As we accept our feeling of fear, the fear does not last as long. Fear is an embodiment of our ancient fight-or-flight response. The adrenaline is released from our adrenal glands and heightens ones ability to physically react. This adrenaline response can be experienced in a number of ways including fear and worry. This fear and worry can be thought of as "distress" or bad stress. The adrenaline response can also be experienced as excitement or enthusiasm which can be thought of as "eustress" or good stress.
Interestingly, if you say the word "eustress' out loud, it sounds a lot like "use stress." Indeed, by using the adrenaline, you can convert the distress to eustress. When you feel stressed, you can try relaxing to classical music. Alternatively, let go of thoughts of how you should feel different, and then use the energy to rock out to the Black Eyed Peas! Even if you don't use the additional adrenaline to dance or run, you can enjoy the feeling of it flowing it through your veins!
Heeding to FDR's great words, will help you weather these difficult financial times.
Learning to experience your primary emotions without resistance, will help you weather all sorts of emotional storms.
Importance of Fear in The Lord of the Flies Essay
1167 Words5 Pages
Importance of Fear in The Lord of the Flies
The boys in the book, The Lord of the Flies, are controlled by their fear of the beast. This fear is not of the beast itself, but of the unknown. It comes from not knowing whether or not a beast exists.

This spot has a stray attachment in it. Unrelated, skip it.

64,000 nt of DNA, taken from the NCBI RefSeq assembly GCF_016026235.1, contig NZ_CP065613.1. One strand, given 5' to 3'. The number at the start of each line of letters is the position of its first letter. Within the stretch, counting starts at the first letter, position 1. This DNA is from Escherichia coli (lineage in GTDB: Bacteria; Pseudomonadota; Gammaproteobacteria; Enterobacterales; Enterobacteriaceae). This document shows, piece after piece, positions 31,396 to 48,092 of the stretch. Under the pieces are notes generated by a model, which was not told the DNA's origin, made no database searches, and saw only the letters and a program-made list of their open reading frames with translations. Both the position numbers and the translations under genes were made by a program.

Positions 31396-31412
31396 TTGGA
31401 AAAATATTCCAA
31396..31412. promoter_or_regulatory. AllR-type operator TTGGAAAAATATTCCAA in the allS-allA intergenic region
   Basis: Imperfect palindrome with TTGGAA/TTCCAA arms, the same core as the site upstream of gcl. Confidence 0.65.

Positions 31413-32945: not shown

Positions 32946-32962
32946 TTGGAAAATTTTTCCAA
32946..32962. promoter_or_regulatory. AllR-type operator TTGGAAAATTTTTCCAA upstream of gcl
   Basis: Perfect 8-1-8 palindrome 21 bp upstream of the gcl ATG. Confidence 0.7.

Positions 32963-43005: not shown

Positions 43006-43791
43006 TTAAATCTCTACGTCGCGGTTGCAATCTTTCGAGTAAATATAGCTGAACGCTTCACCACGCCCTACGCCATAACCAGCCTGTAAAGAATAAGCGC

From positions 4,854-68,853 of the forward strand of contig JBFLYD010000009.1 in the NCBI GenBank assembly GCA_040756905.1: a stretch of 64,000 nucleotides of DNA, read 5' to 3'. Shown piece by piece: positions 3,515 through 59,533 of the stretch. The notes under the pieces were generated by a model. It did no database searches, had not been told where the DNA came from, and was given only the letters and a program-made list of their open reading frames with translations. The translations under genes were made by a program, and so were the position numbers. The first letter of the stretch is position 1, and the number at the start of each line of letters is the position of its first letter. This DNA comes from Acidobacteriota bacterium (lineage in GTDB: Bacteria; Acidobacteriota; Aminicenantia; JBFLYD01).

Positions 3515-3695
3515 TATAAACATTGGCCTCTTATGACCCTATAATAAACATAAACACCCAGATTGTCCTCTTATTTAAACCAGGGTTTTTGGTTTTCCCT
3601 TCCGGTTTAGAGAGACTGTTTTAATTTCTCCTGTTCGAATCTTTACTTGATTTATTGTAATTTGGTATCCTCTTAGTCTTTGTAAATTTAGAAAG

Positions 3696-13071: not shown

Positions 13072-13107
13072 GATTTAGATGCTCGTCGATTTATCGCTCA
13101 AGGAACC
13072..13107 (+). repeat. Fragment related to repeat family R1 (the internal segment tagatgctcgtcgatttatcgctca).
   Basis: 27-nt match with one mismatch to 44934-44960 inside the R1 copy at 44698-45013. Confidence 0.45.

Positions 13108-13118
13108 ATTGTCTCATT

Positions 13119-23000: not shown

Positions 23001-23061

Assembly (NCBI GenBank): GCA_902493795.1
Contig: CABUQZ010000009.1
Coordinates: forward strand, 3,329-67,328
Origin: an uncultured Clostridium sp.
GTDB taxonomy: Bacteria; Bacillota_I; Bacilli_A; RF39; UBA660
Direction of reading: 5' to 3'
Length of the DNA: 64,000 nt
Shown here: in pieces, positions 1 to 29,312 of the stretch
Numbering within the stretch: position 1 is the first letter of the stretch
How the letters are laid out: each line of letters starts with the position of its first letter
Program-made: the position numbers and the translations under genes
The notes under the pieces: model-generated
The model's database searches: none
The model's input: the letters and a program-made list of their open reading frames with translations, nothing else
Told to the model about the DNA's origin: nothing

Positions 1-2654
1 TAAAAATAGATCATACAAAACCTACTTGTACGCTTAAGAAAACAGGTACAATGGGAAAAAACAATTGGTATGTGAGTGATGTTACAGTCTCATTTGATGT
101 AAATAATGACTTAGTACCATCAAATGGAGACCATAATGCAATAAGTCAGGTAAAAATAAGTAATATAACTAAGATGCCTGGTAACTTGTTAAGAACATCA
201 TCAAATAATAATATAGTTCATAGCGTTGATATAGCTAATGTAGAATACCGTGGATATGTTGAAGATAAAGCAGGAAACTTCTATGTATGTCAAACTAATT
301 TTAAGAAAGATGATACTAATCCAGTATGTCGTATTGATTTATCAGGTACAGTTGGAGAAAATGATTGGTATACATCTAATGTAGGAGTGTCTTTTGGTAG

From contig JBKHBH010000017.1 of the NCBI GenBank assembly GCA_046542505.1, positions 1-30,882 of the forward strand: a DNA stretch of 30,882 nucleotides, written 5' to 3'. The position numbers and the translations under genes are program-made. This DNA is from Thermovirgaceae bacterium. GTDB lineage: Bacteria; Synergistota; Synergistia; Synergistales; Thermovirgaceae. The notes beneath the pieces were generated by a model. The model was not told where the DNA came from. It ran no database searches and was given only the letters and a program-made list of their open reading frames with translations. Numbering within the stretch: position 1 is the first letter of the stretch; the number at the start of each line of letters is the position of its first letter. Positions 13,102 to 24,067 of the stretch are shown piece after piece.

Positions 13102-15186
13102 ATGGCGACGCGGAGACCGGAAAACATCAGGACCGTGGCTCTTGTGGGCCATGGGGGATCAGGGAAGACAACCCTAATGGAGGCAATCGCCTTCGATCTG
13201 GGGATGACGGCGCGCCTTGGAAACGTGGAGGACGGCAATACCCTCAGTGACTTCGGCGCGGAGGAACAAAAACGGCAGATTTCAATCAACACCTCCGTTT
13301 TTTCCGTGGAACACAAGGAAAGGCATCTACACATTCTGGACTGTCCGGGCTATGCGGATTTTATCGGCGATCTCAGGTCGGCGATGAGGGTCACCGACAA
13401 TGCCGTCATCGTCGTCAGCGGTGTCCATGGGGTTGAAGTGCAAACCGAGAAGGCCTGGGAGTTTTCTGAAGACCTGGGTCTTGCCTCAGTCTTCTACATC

The children start as one united group. They are a community in their own. Slowly, rules started to get broken, individuals began to leave, and the group broke apart. The one thing that causes this break-up is the beast. The beast means different things to everyone, but each boy is afraid of it.
All of this fear starts at one of the very first assemblies when a littlun says that he saw a beastie in the forest. "Now he says it was a beastie"…show more content…
The two older boys flinched when they heard the shameful
This reminds Jack and Ralph that there is a chance that the beast is real and there may be reason for all the fear. It also reveals that Simon's character is very much in touch with reality. He is not trying to push the fact that a beast could be on the island away from him. He is trying to deal with his fear and show the others that they can and should deal with theirs.
Ralph's concern for the littluns leads him to call an assembly to "decide on fear" (82). This assembly on fear is an essential part of the story. Ralph wants to discuss the fear of the beastie, and whether there is reason to be afraid of a beast that may not exist. He then proceeds to make this speech:
"We've got to talk about this fear and decide there's nothing in it. I'm frightened myself, sometimes; only that's nonsense! Like bogies. Then, when we've decided, we can start again and be careful about things like the fire" (82).
The purpose of this speech is to comfort the other boys and eliminate the fear. He wants them to turn their focus away from fear towards the fire and rescue.
After Ralph puts the conch down Jack snatches it up and starts blaming the littluns for all the fear, saying that they brought it upon themselves by believing in the beast. Jack is angry about the